So we decided - in true PINS fashion - just to make our own label and the first thing we released was our own music. After that, we spoke to the bands we met while we were out touring and if any of them wanted to put something out we would take it and create the artwork and everything. 

Why did you create your own label? Is it important to you to be able to put your own music out? 

Yeah! I think it's good because there needs to be a stepping stone between being a band that's completely alone and being a band that's on a label. You need that in between, where you're not tidied down to being in a contract but you can still release some music - it was just enjoyable to work with other bands. We've kind of gone full circle because we released the record we just did on Haus of PINS, so we've gone from Haus of PINS, to being on a label, back to Haus of PINS again. 

Is there a particular reason you went from releasing music on a label to going back to putting it out yourself? 

I think it was just about... because we were in between everything and not sure what the next step should be, we just thought, "well, let's do what we usually do and take back the control and do it out own way", because then we know everything that's happening with the release and there's no extra people involved - to an extent anyway.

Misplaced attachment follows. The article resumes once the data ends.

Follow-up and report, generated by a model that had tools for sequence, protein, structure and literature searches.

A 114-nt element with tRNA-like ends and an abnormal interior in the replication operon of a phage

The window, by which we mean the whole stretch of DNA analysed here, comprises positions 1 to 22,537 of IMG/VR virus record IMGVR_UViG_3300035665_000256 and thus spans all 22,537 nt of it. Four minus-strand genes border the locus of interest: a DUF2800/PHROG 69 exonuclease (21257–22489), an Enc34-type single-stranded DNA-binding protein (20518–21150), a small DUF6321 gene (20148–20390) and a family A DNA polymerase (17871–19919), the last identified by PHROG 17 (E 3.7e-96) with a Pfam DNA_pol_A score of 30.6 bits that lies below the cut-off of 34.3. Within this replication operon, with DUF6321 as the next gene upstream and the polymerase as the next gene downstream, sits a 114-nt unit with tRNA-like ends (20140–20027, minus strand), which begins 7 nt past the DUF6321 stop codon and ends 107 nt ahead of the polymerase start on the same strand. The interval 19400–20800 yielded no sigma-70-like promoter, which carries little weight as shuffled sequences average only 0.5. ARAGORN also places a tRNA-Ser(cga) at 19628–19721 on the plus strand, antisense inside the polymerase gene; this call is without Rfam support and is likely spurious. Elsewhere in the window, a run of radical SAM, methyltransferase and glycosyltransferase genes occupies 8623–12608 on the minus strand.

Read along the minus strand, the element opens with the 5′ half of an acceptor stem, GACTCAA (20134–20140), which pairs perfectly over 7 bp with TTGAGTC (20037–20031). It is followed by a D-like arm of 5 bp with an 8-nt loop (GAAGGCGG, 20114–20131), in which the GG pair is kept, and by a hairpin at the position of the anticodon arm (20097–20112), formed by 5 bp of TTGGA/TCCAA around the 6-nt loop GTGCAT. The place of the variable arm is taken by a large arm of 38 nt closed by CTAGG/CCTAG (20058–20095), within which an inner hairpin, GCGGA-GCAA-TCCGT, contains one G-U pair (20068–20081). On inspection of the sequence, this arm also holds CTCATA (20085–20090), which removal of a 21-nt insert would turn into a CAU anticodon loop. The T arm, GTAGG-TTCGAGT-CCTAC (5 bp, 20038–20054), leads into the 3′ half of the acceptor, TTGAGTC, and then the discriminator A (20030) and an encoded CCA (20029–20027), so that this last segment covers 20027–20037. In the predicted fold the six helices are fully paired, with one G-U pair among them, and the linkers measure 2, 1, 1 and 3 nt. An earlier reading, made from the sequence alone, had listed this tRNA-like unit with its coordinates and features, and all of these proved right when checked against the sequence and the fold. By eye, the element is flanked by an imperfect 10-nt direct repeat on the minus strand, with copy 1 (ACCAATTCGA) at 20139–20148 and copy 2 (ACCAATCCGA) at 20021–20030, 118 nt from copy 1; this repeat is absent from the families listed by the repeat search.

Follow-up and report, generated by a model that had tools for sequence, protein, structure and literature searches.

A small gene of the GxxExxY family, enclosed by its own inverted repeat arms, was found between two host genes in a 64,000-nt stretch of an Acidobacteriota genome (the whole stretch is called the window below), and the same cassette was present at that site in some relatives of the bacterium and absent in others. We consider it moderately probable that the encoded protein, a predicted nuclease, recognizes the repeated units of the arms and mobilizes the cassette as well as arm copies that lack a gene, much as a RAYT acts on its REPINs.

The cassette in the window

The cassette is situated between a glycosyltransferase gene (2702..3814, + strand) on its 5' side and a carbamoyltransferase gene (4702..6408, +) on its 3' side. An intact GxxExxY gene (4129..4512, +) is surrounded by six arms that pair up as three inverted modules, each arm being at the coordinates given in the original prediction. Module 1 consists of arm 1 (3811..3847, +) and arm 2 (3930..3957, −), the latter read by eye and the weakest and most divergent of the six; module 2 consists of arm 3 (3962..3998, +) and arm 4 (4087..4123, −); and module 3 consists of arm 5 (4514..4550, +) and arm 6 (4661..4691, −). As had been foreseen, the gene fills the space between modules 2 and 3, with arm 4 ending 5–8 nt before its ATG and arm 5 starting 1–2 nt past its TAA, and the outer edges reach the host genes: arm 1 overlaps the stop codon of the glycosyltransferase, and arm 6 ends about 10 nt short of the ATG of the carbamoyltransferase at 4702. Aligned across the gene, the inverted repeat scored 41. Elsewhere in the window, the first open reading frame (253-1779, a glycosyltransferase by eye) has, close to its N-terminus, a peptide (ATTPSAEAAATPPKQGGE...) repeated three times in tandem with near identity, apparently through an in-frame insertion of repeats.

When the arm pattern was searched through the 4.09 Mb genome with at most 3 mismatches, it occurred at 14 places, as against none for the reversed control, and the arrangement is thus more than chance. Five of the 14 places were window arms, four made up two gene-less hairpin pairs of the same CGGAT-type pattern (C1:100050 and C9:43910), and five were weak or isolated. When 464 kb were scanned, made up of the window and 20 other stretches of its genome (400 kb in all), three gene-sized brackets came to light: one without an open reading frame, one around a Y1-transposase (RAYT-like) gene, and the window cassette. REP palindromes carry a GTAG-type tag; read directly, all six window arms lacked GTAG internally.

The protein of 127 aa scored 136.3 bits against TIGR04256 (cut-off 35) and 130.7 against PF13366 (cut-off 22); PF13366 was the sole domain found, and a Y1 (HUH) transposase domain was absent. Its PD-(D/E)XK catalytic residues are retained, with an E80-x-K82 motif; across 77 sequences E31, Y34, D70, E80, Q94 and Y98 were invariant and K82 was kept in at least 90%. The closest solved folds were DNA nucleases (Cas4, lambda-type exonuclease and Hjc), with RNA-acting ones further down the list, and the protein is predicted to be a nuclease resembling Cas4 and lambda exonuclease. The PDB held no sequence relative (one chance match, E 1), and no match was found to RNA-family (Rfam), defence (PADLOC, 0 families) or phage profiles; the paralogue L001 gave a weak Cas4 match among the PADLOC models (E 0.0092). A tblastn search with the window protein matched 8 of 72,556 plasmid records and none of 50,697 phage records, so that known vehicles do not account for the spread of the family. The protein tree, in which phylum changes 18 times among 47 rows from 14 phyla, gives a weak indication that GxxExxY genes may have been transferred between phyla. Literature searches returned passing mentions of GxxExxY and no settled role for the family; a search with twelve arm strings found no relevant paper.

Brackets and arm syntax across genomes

Obviously we're fortunate enough to have radio people now, and press people, but with the actual record that was just completely down to us. The artwork, what songs went on it, when it was released, what video would go with it. So we just wanted to hold the reigns again for a little while. 

Your latest release is coming out in the format of an EP as opposed to an album - why is that?

It's an accidental EP! We always love an EP and it's always nice to have an interring between what we previously did. We did Wild Nights, we've got Trouble, and then we've got this one. So it's just nice to have something in between albums, to see what sort of direction we're headed in - just for ourselves I guess, but yeah we went to Scotland with no intention of recording an EP, we just thought, "let's go".